Follow Up on Abortion versus Choice

Amy Hendel Health Guide
  • Here are a couple of issues to reflect on as we move toward Election Day:


    • (1) In California, Proposition 4 will be back on the ballot. This proposition failed by a narrow margin twice in the past. The initiative involves parental notification prior to abortion for girls under 18. If it passes, it will mean that no girl under age 18 can have an abortion without 48 hour notification to the girl's parents or guardian. That means that girls who live in abusive homes and fear physical punishment will be unable to have an abortion if they need it, without the parent(s) being notified. Only if there has been "documentation of abuse in the home" will the notification then be given to an alternative adult relative. The upside of the proposition passing is that parents will be involved in this decision; the downside is that some girls will now choose a secret and possibly alternative termination of pregnancy option that can put their lives in danger. And if the pregnancy is the product of incest - that parent would be informed, if the girl wanted an abortion. The main reason supporters want this passed is the feeling that this will reduce the number of teen abortions. According to a recent American Academy of Pediatrics position paper, teens under age 18 in states that do and don't require parents informed prior to abortion - seem to be equal in number - when it comes to informing their parents.  Meaning about the same number of kids are telling their parents that they are pregnant and want an abortion, in states that do not require parents informed, as kids in states that require it.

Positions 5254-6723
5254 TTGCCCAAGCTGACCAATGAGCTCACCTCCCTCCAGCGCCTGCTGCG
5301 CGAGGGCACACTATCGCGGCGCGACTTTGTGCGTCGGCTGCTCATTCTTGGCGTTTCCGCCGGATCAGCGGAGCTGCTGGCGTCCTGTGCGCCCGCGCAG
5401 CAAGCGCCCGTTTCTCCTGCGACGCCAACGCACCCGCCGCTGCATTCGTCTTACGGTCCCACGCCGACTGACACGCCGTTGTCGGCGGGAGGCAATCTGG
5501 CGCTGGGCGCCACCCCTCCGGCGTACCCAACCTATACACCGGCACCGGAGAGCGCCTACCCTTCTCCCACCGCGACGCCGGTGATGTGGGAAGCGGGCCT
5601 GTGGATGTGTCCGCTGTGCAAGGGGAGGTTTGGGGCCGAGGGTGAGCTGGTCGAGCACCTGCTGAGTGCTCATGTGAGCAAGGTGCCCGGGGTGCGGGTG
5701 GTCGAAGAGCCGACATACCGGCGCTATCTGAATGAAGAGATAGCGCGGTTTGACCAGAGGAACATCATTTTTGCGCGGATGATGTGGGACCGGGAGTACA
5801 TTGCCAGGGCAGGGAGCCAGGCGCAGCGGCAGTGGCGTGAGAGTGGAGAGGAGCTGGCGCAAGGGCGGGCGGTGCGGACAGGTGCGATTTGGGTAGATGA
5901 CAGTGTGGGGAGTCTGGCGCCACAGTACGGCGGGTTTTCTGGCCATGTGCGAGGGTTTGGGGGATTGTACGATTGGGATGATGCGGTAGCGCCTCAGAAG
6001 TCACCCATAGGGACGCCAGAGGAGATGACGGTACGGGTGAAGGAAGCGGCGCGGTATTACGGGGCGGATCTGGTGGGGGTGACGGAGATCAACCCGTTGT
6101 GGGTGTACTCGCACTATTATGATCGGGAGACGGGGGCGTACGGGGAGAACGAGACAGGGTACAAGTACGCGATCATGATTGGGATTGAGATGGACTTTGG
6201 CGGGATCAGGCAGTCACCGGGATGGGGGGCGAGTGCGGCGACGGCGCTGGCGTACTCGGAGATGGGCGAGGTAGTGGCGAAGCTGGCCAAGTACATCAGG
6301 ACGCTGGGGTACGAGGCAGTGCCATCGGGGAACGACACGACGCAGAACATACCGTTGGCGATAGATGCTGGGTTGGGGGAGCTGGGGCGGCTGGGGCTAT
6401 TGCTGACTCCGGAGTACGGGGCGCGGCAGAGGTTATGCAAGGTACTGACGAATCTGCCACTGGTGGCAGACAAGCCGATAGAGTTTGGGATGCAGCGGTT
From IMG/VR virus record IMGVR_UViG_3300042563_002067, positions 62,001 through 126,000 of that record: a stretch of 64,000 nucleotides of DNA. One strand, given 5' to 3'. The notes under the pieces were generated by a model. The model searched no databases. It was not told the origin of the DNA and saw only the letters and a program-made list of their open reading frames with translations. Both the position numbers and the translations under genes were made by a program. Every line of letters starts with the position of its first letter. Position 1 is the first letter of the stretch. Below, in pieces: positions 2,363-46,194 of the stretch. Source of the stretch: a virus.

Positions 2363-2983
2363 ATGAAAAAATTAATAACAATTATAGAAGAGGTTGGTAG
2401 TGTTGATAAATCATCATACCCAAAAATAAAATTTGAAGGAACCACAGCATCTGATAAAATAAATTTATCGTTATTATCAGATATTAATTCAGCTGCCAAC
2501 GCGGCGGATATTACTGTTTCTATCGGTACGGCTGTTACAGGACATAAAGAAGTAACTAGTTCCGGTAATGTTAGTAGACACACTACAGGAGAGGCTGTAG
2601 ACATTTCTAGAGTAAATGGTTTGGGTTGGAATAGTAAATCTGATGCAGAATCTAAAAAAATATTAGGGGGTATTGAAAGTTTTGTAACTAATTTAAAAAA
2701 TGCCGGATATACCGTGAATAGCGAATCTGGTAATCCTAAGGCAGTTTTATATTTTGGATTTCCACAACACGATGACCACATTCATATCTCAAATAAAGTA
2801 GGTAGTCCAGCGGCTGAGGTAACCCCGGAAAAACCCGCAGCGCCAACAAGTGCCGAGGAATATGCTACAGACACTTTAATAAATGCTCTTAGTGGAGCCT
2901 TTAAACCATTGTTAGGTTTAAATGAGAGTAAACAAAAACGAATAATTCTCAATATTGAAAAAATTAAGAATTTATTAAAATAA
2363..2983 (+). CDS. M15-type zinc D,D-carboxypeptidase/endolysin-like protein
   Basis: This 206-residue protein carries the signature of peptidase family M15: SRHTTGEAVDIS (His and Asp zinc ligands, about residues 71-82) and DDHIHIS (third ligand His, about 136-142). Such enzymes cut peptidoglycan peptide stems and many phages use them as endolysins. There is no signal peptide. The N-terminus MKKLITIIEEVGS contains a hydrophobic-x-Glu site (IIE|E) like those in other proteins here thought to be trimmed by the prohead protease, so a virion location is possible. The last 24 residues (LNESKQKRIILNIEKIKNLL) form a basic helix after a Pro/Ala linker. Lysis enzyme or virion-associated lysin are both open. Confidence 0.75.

• (2) According to recent studies, American teens are more likely to get pregnant than teens in other developed nations. The US teen pregnancy rate is 7.5%. According to the Alan Guttmacher Institute, that's almost twice as high as Britain and four times higher than Sweden or France. Why? It seems that American teens are as likely to have sex as European teens, but less likely to use contraception. The US currently spends 2 billion dollars annually on sex education, and of that, 176 million dollars is spent on abstinence only sex ed.


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Published On: October 05, 2008